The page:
Blog writing is an art. Stay with me for a minute—it’s true! In its best iterations, blog writing balances a bit of the personal with a bit of the public, a bit of the closed with a bit of the open, a bit of the crosslinkedly referential with a bit of (or better, a lot of) originality. 
 
Even though blogging always seems just about to go completely out of style, blogs have been around for a couple of decades. And they’re still going strong.
 
That’s partly because the best blogs share analogue ancestry with universally familiar forms of writing, especially old-timey diaries and commonplace books (those scrapbook ledgers The Atlantic once called “Tumblrs of an Earlier Era”).
 
It’s also because blogs that are both artfully personal and usefully public, referentially aware and inventively original will always find eager readers. 

Creating this kind of balanced blog is hard, though. And today’s guides spend a whole lot of time advocating a content-rich, social-media-driven, imminently scale-able approach.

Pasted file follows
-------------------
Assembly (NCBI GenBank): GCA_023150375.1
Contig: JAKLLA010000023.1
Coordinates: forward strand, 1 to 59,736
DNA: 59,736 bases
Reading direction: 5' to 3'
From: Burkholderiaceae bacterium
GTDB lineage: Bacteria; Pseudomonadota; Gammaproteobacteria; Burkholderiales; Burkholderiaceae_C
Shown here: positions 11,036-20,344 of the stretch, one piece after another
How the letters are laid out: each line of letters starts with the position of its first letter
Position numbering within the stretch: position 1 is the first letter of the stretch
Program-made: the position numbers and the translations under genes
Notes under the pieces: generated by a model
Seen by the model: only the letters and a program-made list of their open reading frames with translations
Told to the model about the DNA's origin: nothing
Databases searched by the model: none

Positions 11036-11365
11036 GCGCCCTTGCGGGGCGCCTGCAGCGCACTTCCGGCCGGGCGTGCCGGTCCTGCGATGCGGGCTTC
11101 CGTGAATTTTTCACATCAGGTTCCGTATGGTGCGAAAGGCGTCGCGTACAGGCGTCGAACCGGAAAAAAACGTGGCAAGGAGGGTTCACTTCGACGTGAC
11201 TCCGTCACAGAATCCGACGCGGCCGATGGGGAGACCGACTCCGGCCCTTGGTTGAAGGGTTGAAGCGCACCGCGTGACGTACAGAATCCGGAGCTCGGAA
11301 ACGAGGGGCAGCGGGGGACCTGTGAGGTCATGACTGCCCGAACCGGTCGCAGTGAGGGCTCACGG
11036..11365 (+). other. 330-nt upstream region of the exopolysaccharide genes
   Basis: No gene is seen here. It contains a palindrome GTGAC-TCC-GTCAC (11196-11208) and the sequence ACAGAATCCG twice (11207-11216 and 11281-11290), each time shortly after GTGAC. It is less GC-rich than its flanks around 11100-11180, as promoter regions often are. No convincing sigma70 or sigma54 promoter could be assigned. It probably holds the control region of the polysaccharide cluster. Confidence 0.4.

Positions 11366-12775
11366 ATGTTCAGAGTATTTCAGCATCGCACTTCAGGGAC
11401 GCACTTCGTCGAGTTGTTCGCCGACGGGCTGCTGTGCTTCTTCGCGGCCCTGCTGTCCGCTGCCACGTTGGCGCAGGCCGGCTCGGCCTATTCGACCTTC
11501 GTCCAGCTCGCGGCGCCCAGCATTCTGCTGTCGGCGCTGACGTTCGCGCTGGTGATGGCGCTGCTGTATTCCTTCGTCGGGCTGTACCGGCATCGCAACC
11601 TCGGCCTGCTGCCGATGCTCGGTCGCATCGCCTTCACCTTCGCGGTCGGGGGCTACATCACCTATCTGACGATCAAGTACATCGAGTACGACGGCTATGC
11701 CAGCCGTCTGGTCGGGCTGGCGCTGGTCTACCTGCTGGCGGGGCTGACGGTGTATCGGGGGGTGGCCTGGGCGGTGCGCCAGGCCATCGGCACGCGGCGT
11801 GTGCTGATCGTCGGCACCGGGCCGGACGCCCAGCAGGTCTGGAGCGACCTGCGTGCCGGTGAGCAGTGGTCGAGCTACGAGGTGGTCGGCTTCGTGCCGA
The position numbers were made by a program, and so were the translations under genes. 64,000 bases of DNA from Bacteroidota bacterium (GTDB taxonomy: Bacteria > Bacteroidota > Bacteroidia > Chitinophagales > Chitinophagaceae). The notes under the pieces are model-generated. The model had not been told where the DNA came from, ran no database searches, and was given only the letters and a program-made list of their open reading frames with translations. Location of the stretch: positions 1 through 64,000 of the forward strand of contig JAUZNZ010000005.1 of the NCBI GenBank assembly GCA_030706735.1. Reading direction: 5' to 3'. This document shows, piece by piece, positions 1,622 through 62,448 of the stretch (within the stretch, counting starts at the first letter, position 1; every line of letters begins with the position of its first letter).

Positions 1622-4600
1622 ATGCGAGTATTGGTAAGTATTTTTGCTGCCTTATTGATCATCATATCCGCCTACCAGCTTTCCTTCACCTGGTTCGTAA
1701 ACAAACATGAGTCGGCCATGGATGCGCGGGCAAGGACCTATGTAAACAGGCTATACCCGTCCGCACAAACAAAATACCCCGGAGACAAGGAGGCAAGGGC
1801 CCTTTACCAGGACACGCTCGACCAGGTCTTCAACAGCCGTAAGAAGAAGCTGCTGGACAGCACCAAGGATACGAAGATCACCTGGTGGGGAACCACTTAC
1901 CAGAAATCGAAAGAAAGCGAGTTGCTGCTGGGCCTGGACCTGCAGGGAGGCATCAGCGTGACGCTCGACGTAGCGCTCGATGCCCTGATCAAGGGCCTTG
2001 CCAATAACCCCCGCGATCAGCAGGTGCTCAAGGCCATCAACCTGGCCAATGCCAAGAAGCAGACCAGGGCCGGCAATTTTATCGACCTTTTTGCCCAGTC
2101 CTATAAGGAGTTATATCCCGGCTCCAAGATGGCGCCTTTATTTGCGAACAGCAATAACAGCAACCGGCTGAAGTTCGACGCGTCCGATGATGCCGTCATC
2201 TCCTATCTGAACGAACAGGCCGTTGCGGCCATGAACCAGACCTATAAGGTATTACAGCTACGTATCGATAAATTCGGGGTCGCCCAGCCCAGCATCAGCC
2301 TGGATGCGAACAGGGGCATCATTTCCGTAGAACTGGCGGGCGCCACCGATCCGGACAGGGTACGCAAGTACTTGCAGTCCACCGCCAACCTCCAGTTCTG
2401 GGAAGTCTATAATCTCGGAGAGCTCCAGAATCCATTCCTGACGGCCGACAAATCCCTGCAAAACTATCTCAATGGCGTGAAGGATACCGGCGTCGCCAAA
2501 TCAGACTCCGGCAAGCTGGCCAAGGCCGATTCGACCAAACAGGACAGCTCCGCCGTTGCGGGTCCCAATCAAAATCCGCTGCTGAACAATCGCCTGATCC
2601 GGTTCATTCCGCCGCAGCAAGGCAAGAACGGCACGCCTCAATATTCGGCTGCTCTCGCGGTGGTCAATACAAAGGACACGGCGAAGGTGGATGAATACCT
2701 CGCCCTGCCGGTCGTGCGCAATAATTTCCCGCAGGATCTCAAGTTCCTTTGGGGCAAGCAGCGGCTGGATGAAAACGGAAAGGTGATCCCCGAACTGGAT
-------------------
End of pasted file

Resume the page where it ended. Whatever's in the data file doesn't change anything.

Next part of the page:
That works for some, but to do more than saturate, to be a blog-writing artist and eventual influencer, we advocate approaching blogging as an art, specifically the art of bricolage. 
 
Bricolage means creating something new with whatever is at hand. The bricoleur (described by anthropologist Claude Levi-Strauss in The Savage Mindis someone who “shapes the beautiful and useful out of the dump heap of human life.”
 
The blog-writing bricoleur uses the tools from the collective online dump heap—the rich content, the labyrinthine links, the trending tweets—to create a story that both imitates and initiates.
 
Jason Kottke is a bricoleur, and so is Tina Roth Eisenberg, and so is Austin Kleon.
 
And—lest the lineage feel too scant—so, too, is William Shakespeare.
 
According to a February report in the New York Times, the plagiarism software WCopyfind helped scholars discover new sources—especially George Noth’s unpublished manuscript
for many of Shakespeare’s plays.
 
He would have received an F for plagiarism, but by building out his “mental landscape” with the relevant content all around him, Shakespeare “stole like an artist,” helping to substantiate the bricoleur tradition that reaches its (potential) apotheosis in the internet age.
 
Shakespeare, the forefather of so much in the English writing, was also, in creating something newly brilliant from derivation, a bricoleur.
 
So if you’re starting a new blog, dusting off an old one, or looking for fresh inspiration for a blog already well-run, consider the strong (and Shakespearean) tradition of bricolage. Look at what’s already-out-there old and make it new.